Students will complete the worksheet entitled “Canadian Atlas Online Great Lakes-St. Lawrence Seaway”.

 

Students will complete the worksheet entitled “Why the waterway is the better way”.

 

 

 

Students will be given time to explore the http://www.hwyh20.com/ link.

 

Students will read and make jot notes

 

 

 

 

 

 

 

 

Students will create a map of the Great Lakes-St. Lawrence Seaway.

Conclusion

 

Students will reflect on two critical questions and write a response on the critical question worksheet.

ü       Environmentally speaking, does the use of cargo ships make good sense?

ü       What are some of the economic benefits to ports cities and their surrounding areas in Canada?

 

Students will answer the two questions and pass in their answers.

 

Lesson Extension:

1. Students can perform historical research on the Montreal/Lake Ontario section of the Seaway or the Welland Canal section of the Seaway. They can present their research on a poster board or in a PowerPoint format. Include in the research how a canal works.

2. Students will write an essay on the necessity of trade for a country. They will complete the graphic organizer called Essay Graphic Organizer. When this is done they will write a five-paragraph essay. The essay will contain: an introduction with a clear thesis statement, four supporting paragraphs with supporting details and a strong conclusion.

Assessment of Student Learning:

Teacher will assess the students’ answers, worksheets as well as the map and Critical Thinking question.

Further Reading:

http://canadiangeographic.ca/atlas/intro.aspx?lang=En

www.hwyh20.com

http://www.greatlakes-seaway.com/en/

http://www.canadiangeographic.ca/Atlas/themes.aspx?id=mixedwood&sub=mixedwood_features_seaway

Read the text provided and be sure to click on the map animations.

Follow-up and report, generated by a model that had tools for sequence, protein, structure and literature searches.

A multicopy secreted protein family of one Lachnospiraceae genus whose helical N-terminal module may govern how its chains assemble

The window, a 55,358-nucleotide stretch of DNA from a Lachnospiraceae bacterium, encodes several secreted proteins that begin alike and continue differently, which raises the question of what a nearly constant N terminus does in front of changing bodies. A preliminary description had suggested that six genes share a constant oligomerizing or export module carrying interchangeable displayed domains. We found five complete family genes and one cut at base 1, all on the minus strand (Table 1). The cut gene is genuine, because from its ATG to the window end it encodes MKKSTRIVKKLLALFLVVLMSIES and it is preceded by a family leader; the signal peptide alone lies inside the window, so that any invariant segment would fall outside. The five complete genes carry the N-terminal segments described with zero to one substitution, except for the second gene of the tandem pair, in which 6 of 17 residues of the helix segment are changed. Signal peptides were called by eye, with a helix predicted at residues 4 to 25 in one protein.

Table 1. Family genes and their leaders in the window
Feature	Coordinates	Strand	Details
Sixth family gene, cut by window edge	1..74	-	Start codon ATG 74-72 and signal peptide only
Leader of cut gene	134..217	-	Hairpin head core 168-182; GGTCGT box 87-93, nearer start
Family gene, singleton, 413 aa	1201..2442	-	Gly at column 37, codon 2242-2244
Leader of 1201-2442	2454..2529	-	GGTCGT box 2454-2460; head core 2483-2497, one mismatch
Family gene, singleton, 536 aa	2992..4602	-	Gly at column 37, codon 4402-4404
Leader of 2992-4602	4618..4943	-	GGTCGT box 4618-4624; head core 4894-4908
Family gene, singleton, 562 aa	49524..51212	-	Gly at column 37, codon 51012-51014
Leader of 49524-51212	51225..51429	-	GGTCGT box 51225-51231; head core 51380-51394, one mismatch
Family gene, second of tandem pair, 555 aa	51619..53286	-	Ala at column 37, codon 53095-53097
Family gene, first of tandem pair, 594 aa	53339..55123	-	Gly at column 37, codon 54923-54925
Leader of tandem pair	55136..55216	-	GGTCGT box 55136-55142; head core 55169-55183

http://www.canadiangeographic.ca/Atlas/themes.aspx?id=connecting&sub=connecting_transportation_water

Look at and read about the waterways of Canada.

http://www.canadiangeographic.ca/Atlas/themes.aspx?id=first&sub=first_basics_timeline

This is a timeline of many defining moments that have contributed to making Canada the country it is today. Click on the map and listen to the synopsis. The year 1959 marks the opening of the St. Lawrence Seaway.

 

Port of Halifax container statistics

http://www.portofhalifax.ca/english/about-us/statistics/index.html

Port of Saint John container statistics

http://www.sjport.com/english/about/tonnage_statistics.html

Statistics Canada

http://www.statcan.gc.ca/start-debut-eng.html

Link to Canadian National Geography Standards:

Essential Element#4: Human Systems

 

Essential Element#5: Environment and Society

Geographic Skill #1: Asking Geographic Questions

·         Identify geographic issues, define geographic problems and pose geographic questions.

 

Geographic Skill #2: Acquiring Geographic information

·         Use a variety of research skills to locate and collect geographic data.

 

Geographic Skill #3: Organizing Geographic Information:

 

Geographic Skill #4: Analyzing Geographic Information


Canada’s Natural Highway

Canadian Atlas Online: Great Lakes St. Lawrence Seaway

 WORKSHEET #1

à      Go to this link: http://www.canadiangeographic.ca/Atlas/themes.aspx?id=mixedwood&sub=mixedwood_features_seaway

Read the text “The Lakes and the Seaway” and complete the following questions:

1. Name the Great Lakes: _________________________________________________________________________

_________________________________________________________________________

2. How big are the Great Lakes? _________________________________________________________________________

3. What is the maximum size of ship that the Seaway can handle?

_________________________________________________________________________

à      Go to this link:

http://www.canadiangeographic.ca/Atlas/themes.aspx?id=connecting&sub=connecting_transportation_water

Read the text “Waterways” and answer the following question: